Kalashnikov is an even darker and more rapaciously intensive offering which starts with the predacious growl of the bass as it steps into view. Beats soon begin to stalk the senses too as a sonic mist brews and subsequently erupts in a blaze of acidic tendrils and melodic magnetism. As emotion oozes from the delivery of Woods, things relax a touch but boil again as a tempestuous climate and presence emerges. For all its volatile nature though, catchiness flirts from its gait and the grouchy but inviting hooks which line the outstanding explosive roar of sound and emotion.

Both tracks hint at stoner-esque hues which certainly come to the surface of Culled. It is a fiery canter revelling in a heavy rock ‘n’ roll breeding though in no time it provides its own individual emotion drenched drama through masterfully blending evocative melodies and aggressive angst into its striking sound and body. The further into its creative bellow the more virulently infectious and resourcefully unpredictable it becomes, ending on a finale which leaps at the listener to get the body physically involved.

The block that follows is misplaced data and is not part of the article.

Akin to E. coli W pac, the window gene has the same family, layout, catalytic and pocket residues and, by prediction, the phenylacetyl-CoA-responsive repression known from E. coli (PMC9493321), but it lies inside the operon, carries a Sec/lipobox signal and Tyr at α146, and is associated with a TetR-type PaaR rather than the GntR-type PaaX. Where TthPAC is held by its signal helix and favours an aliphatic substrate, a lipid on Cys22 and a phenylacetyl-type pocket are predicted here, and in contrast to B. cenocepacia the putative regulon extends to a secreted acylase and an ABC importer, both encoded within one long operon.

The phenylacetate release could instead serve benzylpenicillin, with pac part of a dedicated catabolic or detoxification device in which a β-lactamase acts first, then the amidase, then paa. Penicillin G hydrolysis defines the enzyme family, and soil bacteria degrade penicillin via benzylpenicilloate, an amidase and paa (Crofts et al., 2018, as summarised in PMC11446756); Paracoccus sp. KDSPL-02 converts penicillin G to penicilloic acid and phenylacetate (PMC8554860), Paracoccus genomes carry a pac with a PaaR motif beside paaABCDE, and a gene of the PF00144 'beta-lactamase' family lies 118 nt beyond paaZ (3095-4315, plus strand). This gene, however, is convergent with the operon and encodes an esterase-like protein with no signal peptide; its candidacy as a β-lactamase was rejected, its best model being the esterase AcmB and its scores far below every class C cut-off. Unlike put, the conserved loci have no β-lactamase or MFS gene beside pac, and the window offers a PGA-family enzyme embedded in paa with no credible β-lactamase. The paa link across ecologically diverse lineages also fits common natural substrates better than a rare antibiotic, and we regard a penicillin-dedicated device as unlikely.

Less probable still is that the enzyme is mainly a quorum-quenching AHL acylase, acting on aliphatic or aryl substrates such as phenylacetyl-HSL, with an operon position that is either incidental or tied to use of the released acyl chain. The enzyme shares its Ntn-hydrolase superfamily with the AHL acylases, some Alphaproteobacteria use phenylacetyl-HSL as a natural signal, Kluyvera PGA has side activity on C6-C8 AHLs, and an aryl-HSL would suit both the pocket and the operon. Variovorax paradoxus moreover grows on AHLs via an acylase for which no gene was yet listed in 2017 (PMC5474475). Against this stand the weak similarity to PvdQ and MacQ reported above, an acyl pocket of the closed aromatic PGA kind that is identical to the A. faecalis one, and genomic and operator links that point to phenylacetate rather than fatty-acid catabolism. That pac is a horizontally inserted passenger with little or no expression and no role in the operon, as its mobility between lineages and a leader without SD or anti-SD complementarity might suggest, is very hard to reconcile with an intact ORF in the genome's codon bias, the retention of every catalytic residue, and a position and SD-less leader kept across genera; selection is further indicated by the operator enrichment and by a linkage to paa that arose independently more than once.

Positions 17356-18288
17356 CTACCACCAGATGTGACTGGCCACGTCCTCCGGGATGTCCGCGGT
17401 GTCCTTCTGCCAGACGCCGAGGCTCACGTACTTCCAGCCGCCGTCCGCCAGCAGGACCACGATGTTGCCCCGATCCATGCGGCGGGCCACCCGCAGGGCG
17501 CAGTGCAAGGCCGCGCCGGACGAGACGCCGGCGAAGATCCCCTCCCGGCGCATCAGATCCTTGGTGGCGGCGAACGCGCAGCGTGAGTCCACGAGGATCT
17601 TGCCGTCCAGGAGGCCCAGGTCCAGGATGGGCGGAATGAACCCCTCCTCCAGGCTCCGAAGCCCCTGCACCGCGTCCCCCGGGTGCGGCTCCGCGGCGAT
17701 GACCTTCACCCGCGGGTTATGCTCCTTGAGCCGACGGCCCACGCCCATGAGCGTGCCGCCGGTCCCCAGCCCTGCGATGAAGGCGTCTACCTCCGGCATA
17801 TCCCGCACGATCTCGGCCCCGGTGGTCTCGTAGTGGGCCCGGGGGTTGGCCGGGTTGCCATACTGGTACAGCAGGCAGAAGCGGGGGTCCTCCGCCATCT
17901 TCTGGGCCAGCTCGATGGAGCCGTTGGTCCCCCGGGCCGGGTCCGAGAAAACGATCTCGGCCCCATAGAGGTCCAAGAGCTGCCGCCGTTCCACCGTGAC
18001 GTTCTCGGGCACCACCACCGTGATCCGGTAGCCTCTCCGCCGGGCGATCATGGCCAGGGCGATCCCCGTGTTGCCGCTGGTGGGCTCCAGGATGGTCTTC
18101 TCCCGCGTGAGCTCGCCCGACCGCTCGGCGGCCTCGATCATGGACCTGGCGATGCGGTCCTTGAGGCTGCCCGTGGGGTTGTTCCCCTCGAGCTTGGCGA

The last song to explore on the EP is Eviscerate, a track seemingly nurtured from the same seeds as Kalashnikov such its dark intensive bass led start but quickly revealing its own swampy smog of sonic enticement with a touch of fellow Brits, Morass Of Molasses to it. As compelling as anything upon Humanism, it is also the most intimidating in weight and intensity without defusing the strength of the sonic tempting and melodic tenacity which as much as anything sears songs in to the psyche.

If you have already been greedy with Eujenic’s first pair of songs then the EP will only elevate the excitement and enjoyment so far felt whilst for newcomers, Humanism is a major alert to one of the most exciting bands to emerge in British rock ‘n’ roll this past year or so.

The Humanism EP is released February 13th at a launch show at the Independent in Sunderland. Also playing will be Waste Of Space, Grayce., and PussyWillowFurryVenus. Tickets are £4 and available from the bands or at http://eujenics.bigcartel.com/